If the information your insurance provider has used is not relevant, their decision to refuse cover or to offer it on certain terms may be judged as unlawful discrimination.
The data that insurers use to base their decision for your insurance application must be from a source on which it is reasonable to rely. It might not be reasonable to rely on information if:
- It is inaccurate.
- It is too old.
- It is from an unreliable source.
If the data used by the insurer were not reliable, it may be judged to be unlawful.
In addition to making decisions on ‘relevant’ and ‘reliable’ information, insurers must make ‘reasonable’ decisions. There is no legal definition for ‘reasonable’, but ‘unreasonable’ behaviour could include:
- Charging a premium which is unbalanced to the risk your mental health condition poses.
- Not explaining why they have made their decision.
- Generalising all people with a mental health condition, rather than considering your specific circumstances.
Example: ABC Insurance
ABC Insurance Company is offering travel insurance for the first time. One of their underwriters reads a news report that says people with bipolar disorder are more likely to be taken ill on holiday and suggests that they exclude people with bipolar disorder from their travel insurance.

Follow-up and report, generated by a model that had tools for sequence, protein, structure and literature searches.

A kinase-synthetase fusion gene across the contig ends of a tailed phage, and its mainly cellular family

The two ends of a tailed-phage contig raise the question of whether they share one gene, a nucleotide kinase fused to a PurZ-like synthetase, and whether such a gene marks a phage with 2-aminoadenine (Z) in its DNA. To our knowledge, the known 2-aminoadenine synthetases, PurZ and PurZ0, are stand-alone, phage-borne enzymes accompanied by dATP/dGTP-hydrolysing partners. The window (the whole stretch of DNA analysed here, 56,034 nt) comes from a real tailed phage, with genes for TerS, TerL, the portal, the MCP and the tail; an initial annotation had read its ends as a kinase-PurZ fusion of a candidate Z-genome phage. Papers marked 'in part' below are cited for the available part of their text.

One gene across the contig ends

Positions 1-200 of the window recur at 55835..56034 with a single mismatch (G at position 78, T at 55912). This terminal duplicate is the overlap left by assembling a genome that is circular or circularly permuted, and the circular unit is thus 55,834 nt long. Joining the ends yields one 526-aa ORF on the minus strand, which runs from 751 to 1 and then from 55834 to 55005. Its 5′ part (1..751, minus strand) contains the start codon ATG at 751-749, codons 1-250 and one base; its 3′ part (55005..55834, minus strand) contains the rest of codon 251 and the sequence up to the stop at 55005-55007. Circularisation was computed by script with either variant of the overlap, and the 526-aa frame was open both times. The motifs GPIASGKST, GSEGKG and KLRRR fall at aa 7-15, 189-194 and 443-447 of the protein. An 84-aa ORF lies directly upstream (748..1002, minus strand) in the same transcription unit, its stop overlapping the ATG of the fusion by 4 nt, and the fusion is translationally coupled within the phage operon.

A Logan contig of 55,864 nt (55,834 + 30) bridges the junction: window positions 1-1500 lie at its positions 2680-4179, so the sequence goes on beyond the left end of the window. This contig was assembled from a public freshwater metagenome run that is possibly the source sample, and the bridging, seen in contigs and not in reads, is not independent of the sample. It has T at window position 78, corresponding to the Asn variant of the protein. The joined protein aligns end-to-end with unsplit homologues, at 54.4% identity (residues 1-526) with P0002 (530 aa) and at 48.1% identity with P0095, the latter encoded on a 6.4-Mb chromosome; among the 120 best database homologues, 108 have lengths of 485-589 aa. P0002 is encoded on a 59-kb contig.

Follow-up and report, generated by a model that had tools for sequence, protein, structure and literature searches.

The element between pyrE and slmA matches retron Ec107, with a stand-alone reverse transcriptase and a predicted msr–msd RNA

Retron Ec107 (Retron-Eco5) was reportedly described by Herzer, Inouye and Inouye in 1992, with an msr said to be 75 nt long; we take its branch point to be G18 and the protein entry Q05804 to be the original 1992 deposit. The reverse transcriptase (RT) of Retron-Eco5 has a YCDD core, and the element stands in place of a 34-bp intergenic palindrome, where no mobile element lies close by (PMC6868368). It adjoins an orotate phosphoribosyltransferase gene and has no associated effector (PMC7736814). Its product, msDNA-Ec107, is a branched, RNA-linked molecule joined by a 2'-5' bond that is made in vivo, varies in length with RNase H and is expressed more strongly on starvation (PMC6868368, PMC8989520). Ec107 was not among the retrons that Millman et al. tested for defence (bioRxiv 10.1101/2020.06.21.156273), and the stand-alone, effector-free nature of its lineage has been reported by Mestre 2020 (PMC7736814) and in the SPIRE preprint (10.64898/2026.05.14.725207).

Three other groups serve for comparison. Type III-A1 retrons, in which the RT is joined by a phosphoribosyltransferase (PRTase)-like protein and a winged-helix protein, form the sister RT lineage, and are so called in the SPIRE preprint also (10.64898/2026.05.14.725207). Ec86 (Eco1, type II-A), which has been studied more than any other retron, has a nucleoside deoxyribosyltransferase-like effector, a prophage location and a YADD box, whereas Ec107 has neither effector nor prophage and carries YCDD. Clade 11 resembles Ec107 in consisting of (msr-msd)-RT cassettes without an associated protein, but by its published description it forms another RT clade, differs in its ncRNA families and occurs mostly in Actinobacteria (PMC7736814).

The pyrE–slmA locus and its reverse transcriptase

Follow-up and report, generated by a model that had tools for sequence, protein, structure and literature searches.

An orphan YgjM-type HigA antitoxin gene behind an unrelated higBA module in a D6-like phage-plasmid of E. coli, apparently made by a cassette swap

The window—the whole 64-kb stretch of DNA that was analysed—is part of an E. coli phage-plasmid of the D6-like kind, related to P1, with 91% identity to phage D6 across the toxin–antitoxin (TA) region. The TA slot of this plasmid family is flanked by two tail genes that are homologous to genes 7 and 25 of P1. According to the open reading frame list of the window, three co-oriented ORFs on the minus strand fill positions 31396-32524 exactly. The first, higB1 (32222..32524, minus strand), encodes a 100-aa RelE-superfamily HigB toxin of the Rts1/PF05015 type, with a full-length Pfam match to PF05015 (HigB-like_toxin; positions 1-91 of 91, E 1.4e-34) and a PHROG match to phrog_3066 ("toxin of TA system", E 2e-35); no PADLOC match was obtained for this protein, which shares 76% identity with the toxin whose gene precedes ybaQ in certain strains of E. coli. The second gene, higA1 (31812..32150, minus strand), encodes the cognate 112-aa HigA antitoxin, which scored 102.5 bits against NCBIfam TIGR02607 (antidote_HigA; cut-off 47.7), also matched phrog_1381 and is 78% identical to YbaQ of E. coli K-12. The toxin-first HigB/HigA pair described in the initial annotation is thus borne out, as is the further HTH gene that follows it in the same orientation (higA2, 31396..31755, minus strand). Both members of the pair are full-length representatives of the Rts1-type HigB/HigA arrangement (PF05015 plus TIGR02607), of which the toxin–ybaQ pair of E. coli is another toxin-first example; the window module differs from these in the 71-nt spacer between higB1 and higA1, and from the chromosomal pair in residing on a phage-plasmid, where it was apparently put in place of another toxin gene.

Other staff at ABC realise that this would be discrimination. They research reliable, accurate sources about how often people with bipolar disorder get taken ill on holiday.
When customers apply for travel insurance with them, they ask sensible questions about their mental health history so they can properly assess the risk and decide whether to insure them.
- Mental health and insurance cover
- What insurance might I need if I have a mental health condition?
- How to find the right Insurance cover with a mental health condition
- Specialist insurance providers for pre-existing mental health conditions
- What are my rights when applying for insurance with a mental health condition?
- How to make a complaint about an insurance decision made about your mental health
- Advice for insurance professionals working with a client who has a mental health condition